By: Johann Els, Head of Economic Research at Old Mutual Investment Group
Two key events happened this week, the South African Monetary Policy Committee met to decide on interest rate movements and the ratings agencies met to decide whether they will downgrade South Africa’s local currency rating. The latter is probably more prominent with potentially large knock-on effects on the South African economy.
As expected by economists at the Old Mutual Investment Group, the South African Reserve Bank (SARB) kept interest rates unchanged at the Monetary Policy Committee meeting on Thursday 23 November. CPI inflation was announced earlier in the week at 4.8% in October and was as expected. The weak economy had a large role in the lower inflation rates as business finds it difficult to pass on price increases.
“The outlook for inflation remains relatively benign. We expect inflation to moderate further to around 4.5% early 2018 and then broadly move sideways, ending 2018 around 4.8% Risks remain to the upside and largely come from potential ratings downgrades, the ANC’s elective conference and the fiscal policy stance in the Feb 2018 budget. These could all potentially impact significantly on the Rand exchange rate and thus on inflation,” says Johann Els, Head of Economic Research at Old Mutual Investment Group.
These risks are reasons behind the Reserve Bank’s rate decision this past week. We therefore continue to expect that the SARB will keep rates unchanged until there is more certainty about these potential influences on the currency.
“The MPC statement was in my opinion relatively neutral especially given the more risky environment and ratings decisions. They highlighted the relative weak economy and the low inflation rate, but also highlighted the significant risks around the outlook.
We expect rates in South Africa to be on hold until at least after the February budget. The SARB would need to gauge the outcome and impact of the ratings decision, the ANC’s elective conference and the February budget before they can reassess the rates stance,” says Els.
The more pressing issue is the downgrade by S&P Global Ratings of South Africa’s credit ratings on Friday 24 November. S&P’s foreign currency (FC) credit rating for SA is already sub-investment grade. They now downgraded the local currency (LC) rating to sub-investment grade or junk as well.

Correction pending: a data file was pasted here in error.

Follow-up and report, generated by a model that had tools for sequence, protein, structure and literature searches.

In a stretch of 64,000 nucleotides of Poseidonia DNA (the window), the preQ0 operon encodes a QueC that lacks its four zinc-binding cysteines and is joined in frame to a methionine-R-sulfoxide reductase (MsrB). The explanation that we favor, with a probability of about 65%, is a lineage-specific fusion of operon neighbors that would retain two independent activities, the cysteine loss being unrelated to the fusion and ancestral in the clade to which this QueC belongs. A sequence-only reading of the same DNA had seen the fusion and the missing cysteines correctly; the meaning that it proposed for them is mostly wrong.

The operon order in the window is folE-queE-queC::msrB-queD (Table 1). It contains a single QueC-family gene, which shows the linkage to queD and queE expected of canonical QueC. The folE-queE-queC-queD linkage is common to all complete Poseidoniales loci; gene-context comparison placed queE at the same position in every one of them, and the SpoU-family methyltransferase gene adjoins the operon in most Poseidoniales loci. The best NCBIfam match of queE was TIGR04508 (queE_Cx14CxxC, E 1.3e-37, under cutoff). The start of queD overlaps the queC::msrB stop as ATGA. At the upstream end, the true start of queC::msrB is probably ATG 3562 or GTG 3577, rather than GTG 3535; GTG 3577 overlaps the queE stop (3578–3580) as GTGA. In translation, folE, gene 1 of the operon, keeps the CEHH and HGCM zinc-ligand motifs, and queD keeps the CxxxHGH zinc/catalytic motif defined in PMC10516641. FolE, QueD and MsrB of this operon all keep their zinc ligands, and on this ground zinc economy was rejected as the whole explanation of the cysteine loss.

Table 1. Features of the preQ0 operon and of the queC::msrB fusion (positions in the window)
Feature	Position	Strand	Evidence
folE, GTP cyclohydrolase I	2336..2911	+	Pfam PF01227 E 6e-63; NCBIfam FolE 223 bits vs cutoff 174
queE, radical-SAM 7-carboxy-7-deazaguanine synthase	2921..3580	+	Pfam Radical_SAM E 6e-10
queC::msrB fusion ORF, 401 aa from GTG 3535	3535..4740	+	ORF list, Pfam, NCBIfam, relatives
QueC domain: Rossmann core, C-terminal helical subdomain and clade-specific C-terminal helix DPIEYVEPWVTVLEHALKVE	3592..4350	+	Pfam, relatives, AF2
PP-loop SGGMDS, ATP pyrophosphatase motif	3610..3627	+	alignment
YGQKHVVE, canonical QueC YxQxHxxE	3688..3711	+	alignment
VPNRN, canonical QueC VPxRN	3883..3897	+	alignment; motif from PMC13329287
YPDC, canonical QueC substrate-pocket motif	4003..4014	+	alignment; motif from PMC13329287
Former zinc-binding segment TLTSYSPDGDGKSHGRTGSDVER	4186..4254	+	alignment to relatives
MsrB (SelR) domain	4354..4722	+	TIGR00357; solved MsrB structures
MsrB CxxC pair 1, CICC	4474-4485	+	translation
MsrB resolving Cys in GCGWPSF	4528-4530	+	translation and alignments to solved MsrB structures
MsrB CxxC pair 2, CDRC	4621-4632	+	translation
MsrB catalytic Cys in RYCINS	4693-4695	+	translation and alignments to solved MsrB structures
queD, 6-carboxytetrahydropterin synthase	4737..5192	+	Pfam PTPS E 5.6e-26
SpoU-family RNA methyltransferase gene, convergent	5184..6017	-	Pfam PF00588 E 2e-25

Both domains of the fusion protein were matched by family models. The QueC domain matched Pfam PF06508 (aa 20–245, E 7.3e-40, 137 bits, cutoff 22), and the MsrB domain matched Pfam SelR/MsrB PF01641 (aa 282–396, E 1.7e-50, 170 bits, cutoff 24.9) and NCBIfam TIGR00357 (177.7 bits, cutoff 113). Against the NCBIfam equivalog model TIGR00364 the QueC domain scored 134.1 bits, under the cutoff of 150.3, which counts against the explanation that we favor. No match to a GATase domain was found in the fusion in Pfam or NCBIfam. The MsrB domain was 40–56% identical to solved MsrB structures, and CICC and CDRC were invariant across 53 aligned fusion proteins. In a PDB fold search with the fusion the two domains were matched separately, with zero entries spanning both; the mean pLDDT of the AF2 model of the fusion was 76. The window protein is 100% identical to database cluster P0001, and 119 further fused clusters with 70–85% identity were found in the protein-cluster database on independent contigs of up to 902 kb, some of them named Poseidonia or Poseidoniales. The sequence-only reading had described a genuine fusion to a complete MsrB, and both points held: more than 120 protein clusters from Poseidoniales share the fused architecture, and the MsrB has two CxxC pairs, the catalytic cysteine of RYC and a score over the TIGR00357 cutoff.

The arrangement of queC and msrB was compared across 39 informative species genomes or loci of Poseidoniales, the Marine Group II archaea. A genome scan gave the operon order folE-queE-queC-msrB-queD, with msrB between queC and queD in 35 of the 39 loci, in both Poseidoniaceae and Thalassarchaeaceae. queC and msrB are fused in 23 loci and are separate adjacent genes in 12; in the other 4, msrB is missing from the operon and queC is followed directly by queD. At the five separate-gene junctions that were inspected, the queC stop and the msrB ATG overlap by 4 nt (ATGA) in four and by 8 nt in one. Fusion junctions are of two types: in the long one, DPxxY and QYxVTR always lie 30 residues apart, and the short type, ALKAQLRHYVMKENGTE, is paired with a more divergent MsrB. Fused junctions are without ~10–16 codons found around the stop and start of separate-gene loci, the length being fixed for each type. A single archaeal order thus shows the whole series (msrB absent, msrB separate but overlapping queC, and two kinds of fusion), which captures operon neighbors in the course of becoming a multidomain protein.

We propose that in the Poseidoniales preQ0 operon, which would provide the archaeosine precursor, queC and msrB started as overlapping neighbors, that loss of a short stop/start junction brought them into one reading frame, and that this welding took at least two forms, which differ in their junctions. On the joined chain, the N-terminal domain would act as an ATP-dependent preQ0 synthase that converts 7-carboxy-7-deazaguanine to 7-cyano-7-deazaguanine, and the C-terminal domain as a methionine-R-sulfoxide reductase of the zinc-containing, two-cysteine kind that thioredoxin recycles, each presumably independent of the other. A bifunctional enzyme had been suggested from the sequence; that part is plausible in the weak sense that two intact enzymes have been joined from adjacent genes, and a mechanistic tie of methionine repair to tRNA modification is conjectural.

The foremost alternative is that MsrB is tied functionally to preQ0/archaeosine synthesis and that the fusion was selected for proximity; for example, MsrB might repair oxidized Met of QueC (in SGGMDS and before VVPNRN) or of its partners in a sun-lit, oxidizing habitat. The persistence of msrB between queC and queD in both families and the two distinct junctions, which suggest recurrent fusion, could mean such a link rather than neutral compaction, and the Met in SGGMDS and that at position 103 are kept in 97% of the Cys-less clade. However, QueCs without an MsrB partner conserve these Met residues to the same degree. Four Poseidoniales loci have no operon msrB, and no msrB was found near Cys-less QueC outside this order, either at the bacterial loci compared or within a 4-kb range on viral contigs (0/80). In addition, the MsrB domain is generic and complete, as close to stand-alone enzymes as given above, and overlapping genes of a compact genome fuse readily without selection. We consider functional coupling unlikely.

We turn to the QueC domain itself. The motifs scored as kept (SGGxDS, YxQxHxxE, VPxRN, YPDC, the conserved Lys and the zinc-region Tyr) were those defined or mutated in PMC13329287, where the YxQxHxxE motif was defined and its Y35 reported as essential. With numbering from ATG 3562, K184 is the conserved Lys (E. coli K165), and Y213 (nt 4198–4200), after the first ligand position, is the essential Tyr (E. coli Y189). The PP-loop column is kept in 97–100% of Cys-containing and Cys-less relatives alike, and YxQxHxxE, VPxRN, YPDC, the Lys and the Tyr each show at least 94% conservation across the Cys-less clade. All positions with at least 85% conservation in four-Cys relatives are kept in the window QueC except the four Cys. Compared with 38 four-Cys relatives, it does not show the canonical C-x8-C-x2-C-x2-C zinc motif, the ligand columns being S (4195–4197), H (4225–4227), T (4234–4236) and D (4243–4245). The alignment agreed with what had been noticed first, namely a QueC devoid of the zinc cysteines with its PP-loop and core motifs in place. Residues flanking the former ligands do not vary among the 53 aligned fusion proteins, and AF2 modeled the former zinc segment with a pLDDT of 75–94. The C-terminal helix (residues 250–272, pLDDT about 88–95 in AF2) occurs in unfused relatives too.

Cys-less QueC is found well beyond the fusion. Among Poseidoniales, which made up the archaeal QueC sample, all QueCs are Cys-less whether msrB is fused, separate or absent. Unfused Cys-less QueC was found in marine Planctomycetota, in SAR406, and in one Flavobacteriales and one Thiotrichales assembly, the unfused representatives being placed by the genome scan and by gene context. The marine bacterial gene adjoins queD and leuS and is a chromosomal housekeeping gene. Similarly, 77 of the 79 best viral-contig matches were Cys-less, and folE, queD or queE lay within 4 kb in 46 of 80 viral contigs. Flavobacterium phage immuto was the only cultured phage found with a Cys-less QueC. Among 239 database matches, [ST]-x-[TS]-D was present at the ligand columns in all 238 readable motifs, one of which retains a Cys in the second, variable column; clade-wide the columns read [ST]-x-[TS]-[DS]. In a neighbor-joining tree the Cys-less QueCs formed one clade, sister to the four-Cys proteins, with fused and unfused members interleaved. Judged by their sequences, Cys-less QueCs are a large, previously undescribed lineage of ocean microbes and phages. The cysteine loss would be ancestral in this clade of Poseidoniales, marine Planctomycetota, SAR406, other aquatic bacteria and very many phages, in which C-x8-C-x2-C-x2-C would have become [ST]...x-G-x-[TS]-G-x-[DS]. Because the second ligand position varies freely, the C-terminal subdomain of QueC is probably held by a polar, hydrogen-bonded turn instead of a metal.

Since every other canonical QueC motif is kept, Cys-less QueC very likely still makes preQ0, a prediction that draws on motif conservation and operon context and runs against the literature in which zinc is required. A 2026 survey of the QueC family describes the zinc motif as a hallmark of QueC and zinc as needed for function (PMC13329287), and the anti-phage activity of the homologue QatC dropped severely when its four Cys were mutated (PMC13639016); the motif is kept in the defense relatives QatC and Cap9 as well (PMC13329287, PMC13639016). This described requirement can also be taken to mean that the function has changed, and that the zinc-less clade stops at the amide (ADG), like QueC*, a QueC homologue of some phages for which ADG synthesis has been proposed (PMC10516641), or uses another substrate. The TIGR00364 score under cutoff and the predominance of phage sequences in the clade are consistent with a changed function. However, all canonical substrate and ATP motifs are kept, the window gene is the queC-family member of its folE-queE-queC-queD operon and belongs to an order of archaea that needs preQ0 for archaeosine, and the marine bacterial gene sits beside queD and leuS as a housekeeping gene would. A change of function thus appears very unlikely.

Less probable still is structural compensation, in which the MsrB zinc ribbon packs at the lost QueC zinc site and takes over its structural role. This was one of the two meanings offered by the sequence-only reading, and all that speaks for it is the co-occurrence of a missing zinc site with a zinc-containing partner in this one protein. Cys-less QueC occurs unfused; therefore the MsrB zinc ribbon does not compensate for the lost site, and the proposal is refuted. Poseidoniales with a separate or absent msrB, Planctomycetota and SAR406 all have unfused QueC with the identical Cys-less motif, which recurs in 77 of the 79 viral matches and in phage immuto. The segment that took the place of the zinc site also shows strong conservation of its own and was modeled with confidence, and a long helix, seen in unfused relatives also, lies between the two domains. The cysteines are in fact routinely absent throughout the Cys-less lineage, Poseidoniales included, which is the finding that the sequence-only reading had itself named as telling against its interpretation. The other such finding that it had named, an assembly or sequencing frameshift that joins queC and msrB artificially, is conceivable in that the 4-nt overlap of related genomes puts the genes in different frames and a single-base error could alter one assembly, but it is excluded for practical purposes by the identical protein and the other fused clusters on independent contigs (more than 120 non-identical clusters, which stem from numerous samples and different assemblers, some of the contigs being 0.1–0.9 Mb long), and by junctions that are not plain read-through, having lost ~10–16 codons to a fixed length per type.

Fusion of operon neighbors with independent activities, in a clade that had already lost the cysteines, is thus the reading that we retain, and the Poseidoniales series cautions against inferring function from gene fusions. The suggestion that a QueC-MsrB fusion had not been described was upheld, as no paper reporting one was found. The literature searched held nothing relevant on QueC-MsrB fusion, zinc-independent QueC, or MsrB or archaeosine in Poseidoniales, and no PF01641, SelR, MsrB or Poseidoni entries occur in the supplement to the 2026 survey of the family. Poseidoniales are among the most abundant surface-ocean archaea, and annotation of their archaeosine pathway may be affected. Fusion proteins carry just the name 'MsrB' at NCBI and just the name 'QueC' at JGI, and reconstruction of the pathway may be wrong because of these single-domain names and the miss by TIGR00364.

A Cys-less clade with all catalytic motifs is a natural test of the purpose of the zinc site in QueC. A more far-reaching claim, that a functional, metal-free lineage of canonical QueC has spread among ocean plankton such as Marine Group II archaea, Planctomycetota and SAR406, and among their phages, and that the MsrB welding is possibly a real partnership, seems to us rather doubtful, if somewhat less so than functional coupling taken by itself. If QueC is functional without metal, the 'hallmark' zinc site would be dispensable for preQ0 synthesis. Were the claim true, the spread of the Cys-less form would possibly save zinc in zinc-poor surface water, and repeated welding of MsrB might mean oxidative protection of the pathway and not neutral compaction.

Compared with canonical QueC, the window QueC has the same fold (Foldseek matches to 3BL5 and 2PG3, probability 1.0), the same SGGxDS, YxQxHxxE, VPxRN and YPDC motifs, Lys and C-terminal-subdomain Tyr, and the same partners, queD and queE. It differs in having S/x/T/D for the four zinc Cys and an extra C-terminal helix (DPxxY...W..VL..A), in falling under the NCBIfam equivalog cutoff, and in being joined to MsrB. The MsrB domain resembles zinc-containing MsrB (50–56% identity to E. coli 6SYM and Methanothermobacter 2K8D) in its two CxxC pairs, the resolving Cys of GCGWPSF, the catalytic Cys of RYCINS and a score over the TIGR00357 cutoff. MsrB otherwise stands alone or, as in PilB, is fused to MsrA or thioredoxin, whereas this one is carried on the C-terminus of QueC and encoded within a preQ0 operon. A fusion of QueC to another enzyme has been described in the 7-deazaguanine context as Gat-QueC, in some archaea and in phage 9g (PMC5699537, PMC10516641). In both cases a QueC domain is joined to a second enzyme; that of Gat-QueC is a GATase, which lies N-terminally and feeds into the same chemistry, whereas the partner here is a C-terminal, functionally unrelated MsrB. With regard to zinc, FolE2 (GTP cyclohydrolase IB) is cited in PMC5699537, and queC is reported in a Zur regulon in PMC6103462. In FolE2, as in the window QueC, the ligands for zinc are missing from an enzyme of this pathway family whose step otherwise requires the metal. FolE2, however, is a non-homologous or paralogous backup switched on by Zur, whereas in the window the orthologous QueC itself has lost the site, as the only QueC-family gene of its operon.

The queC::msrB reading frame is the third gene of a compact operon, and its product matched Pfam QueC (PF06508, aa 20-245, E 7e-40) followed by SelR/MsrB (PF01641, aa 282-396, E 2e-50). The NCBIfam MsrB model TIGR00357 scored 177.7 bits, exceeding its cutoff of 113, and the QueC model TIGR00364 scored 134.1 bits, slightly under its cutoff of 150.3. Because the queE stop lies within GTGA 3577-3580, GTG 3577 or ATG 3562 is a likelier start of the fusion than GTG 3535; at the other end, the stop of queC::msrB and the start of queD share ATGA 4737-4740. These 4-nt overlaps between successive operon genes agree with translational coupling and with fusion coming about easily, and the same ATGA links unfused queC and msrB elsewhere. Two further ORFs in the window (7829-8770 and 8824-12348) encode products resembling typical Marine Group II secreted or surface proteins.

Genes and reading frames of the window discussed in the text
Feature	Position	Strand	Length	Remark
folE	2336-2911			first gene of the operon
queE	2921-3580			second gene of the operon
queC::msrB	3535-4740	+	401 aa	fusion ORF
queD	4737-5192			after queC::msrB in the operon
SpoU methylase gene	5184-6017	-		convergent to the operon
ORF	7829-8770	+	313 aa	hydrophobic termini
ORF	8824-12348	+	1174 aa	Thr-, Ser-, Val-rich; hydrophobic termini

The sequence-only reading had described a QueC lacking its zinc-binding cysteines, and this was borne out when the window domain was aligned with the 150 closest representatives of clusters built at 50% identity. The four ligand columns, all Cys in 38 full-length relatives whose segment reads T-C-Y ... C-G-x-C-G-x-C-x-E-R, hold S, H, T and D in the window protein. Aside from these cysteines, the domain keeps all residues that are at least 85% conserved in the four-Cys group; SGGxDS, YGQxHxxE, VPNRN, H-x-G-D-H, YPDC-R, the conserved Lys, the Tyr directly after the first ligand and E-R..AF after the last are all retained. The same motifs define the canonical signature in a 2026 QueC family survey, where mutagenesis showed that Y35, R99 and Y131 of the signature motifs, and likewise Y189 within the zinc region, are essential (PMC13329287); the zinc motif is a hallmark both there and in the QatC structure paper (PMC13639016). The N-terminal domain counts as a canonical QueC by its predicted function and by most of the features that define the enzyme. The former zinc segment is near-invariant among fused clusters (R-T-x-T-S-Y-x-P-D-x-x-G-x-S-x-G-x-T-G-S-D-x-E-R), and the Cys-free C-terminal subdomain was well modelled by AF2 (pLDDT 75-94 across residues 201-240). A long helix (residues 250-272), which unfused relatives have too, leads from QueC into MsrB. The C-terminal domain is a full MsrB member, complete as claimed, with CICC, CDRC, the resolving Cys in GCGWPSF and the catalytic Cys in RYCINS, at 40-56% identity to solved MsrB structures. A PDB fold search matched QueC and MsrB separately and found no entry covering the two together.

The outlook after the downgrade remains stable.
“Thus some market reaction is probable but again, it is very difficult to judge to what extent the markets have priced in any of the scenarios.
The more market reaction there is, the more non-index tracker funds will likely want to invest and take up large parts of the index-tracker sales in order to take advantage of higher yields,” says Els.
“I think the main reasons behind the downgrades are very weak GDP growth and that S&P is not convinced that any measures in the February budget will be strong enough to stop the deterioration,” says Els.
“Moody’s deferred the decision until after the ANC’s elective conference in December and the February 2018 budget – the Investors Service announced that it had placed the Baa3 long-term issuer and senior unsecured bond ratings of the government of South Africa on review for downgrade. Thus South Africa is still included in the Citygroup’s World Government Bond Index (WGBI) for now. The single LC downgrade will lead to smaller outflows as it triggers the exclusion from the Barclays Global Aggregate Index. Although market reaction is likely in terms of the bond and currency markets, we do suspect that a large part of possible downgrades have probably been priced in,” continuous Els.
“The rationale for this is that a market-friendly ANC leader might be able to restore confidence and improve growth prospects, he says. This outcome might lead to a renewed effort to improve the fiscal outlook at the February 2018 budget. This is the reason why Moody’s put SA on credit watch, with three months remaining to decide on the rating.”
Apart from the fiscal deterioration, the still very weak state of SOE finances will be a key consideration in the ratings decisions going forward.
Apart from forced selling by index funds, other yield-seeking investors might want to invest in SA’s repriced government bonds. Thus the net flows will likely not be as large as what is suggested by the size of the funds invested by the index funds.
Further downgrades are highly likely should the ANC’s elective conference result in a market- unfriendly candidate winning and/or the February budget does not restore fiscal consolidation.